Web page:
SnapScan is a South African app designed to help users buy goods with their mobile phones. Free to download, SnapScan was named App of the Year 2013 at the MTN Business Awards.
“If you look at mobile payments specifically, Africa is actually one of the leaders in this space,” says Kobus Ehlers, co-founder of SnapScan.
How it works
Each SnapScan-connected store has a unique code that is linked to their bank account. When customers want to pay, they can scan the code with their SnapScan smartphone app, which then brings up the store where they are making the purchase.
All you do is you type in the amount and punch in the PIN and press send and it’s gone — it’s all done. You’ve got your secret code (four-digit PIN), so if your phone goes missing for example, you don’t have to worry about people using your phone.
The transaction is complete with SnapScan charging the customer’s debit or credit card for the amount they are paying — similar to a normal card payment.
Using your phone to pay for goods and services is nothing new in Africa, a continent where there are more than 720 million mobile phones. Services such as M-Pesa, the revolutionary Kenyan mobile payment system that allows people to bypass banks and pay bills, withdraw salaries and transfer cash electronically, have transformed the way people and business operate.
Meanwhile, Africa’s smartphone market is expected to double over the following four years — at the moment, South Africa is reportedly the biggest smartphone market in sub-Saharan Africa, with a 19% penetration.
And as smartphones increase, the paying methods are also becoming smarter.
“If you look at mobile payments specifically, Africa is actually one of the leaders in this space,” says Kobus Ehlers, co-founder of the SnapScan app. “SnapScan was developed in South Africa for the African market, so we try to find really local and relevant solutions and I think it’s going to get a massive uptake,” he adds.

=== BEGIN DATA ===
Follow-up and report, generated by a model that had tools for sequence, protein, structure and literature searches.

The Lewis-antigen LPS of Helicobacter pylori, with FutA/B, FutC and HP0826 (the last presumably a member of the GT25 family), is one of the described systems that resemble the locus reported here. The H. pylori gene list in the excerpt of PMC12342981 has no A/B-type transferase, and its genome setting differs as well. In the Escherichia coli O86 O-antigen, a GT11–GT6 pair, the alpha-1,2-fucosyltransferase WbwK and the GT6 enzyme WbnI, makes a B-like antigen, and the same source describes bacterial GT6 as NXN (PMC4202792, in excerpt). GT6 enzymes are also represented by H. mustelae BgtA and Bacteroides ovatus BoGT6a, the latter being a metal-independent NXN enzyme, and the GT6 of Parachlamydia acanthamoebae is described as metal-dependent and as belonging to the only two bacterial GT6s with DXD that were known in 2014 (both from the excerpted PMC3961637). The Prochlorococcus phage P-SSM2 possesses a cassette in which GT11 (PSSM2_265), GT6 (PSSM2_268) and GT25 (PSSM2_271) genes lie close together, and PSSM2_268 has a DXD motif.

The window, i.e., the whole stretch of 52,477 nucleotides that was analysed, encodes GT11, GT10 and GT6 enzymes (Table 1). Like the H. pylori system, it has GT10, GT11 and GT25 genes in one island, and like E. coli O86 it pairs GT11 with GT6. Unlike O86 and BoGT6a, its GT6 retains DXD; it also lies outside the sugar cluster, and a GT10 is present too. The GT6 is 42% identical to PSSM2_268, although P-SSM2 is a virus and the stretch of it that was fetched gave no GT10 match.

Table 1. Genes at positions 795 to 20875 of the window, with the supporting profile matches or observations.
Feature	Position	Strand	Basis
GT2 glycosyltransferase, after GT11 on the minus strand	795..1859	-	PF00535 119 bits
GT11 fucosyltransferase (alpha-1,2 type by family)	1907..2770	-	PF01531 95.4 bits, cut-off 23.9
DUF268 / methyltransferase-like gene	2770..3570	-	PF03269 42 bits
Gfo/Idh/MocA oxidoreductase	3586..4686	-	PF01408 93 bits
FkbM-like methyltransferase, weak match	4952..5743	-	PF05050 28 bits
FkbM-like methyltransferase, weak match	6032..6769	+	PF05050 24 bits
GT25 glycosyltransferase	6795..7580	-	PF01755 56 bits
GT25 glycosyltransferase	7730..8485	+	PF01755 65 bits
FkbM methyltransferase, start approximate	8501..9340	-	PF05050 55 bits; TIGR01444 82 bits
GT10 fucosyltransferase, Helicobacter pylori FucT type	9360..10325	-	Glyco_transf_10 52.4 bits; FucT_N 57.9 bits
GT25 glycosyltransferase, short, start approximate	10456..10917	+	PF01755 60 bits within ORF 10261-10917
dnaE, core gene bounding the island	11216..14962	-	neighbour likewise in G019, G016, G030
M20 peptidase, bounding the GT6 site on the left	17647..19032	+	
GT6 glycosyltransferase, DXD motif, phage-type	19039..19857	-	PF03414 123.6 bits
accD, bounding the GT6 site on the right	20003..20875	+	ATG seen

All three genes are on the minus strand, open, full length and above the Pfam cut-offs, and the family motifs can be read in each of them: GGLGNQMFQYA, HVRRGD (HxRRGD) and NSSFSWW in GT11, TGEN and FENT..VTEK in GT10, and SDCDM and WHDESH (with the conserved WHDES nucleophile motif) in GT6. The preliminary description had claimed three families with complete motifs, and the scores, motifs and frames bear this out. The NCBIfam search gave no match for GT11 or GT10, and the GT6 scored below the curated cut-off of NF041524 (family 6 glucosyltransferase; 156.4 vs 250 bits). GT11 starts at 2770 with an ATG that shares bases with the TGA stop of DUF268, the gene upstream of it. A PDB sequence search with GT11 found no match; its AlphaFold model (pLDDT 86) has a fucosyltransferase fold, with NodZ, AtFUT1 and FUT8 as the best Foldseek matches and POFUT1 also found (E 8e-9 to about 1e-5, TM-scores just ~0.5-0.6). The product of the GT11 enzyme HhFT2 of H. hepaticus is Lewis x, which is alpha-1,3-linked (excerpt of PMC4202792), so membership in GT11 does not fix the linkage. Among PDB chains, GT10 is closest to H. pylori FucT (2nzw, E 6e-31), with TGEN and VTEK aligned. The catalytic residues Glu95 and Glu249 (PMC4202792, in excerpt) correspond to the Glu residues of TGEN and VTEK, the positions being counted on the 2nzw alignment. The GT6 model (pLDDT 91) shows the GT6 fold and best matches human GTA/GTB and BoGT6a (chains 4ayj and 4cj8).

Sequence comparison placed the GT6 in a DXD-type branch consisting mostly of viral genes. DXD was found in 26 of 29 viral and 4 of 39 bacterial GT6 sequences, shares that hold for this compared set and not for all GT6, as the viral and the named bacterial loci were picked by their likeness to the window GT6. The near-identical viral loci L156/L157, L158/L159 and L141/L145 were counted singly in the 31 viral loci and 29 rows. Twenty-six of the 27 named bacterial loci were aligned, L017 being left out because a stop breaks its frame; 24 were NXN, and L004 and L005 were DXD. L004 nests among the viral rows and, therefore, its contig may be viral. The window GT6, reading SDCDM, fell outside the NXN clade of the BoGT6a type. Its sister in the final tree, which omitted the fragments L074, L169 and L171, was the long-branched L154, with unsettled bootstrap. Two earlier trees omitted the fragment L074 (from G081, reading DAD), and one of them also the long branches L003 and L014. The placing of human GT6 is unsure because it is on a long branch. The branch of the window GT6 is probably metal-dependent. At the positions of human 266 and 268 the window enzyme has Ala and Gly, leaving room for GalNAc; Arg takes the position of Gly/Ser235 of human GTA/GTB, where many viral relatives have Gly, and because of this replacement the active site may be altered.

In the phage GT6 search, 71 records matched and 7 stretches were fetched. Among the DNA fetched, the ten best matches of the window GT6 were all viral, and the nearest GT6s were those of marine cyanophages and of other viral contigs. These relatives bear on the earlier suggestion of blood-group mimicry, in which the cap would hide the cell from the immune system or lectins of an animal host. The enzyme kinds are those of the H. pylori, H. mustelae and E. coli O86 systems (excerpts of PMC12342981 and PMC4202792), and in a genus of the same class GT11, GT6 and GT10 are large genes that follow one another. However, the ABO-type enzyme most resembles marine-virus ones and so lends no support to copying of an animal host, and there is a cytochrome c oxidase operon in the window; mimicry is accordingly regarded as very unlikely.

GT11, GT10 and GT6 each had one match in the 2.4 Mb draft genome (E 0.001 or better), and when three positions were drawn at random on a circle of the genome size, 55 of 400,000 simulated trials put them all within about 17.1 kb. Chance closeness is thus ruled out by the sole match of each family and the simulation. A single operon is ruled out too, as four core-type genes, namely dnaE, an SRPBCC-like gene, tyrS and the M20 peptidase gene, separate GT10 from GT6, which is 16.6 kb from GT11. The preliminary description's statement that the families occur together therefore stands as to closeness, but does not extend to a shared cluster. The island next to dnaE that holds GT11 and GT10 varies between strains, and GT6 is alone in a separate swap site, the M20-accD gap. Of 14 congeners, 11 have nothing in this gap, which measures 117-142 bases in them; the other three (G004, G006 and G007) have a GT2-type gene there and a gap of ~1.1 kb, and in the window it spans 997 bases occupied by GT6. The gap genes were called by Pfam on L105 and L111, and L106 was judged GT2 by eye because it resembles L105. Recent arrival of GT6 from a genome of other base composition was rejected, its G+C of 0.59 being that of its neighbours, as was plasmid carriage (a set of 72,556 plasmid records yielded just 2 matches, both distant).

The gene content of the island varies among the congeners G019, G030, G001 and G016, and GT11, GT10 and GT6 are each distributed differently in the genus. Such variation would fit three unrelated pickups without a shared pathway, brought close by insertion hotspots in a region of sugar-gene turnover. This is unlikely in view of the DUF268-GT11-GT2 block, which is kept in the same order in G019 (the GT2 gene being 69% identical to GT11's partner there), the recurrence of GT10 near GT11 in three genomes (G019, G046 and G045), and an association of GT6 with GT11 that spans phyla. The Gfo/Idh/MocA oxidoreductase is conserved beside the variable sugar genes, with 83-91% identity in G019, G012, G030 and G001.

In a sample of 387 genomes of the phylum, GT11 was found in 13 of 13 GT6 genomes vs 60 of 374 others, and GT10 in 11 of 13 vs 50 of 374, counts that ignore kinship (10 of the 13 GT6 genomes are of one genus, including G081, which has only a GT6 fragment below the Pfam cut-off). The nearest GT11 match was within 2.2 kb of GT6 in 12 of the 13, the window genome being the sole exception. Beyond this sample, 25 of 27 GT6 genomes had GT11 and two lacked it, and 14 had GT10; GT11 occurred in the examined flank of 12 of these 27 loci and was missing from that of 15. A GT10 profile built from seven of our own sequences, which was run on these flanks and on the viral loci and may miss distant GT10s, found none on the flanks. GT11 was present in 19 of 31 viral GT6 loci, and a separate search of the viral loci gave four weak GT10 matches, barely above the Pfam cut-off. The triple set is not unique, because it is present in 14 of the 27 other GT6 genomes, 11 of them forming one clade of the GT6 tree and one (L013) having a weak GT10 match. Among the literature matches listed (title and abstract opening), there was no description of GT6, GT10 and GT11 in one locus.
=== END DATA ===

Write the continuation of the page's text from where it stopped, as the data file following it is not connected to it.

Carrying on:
“Technology in general is going to get a massive uptake in Africa as we don’t have those legacy systems,” continues Ehlers. “People aren’t used to using credit cards for example, they can skip right ahead and start using cutting-edge payment technology.”
Right now, SnapScan is only available at formal merchants but the hope is that the e-currency could flow from the phones of customers to the accounts of informal merchants too. It can even be used to send remittances.
Ehlers says that the hope of a cashless society is possible for Africa.
“Quite a large portion of people have access to a smartphone and by leveraging that technology we can provide payments that were previously impossible,” he says. “That really is an empowering thing for most people in Africa who haven’t got access to formal infrastructure to provide those services.”
John Campbell heads up the Beyond Payments division of Standard Bank, which partners with innovators such as SnapScan to create banking solutions. He says that lack of traditional infrastructure often leads to creative solutions.
“In other territories where that infrastructure was not available, that infrastructure has been leapfrogged by the use of mobile,” explains Campbell. “M-Pesa in Kenya is a good example of that, where money goes straight to your mobile — your mobile number almost becomes your account number, that’s effectively what happens.”
“It’s way better as opposed to using your credit card or cash,” he says, adding that he was surprised to find out that SnapScan was a tech company that started in South Africa.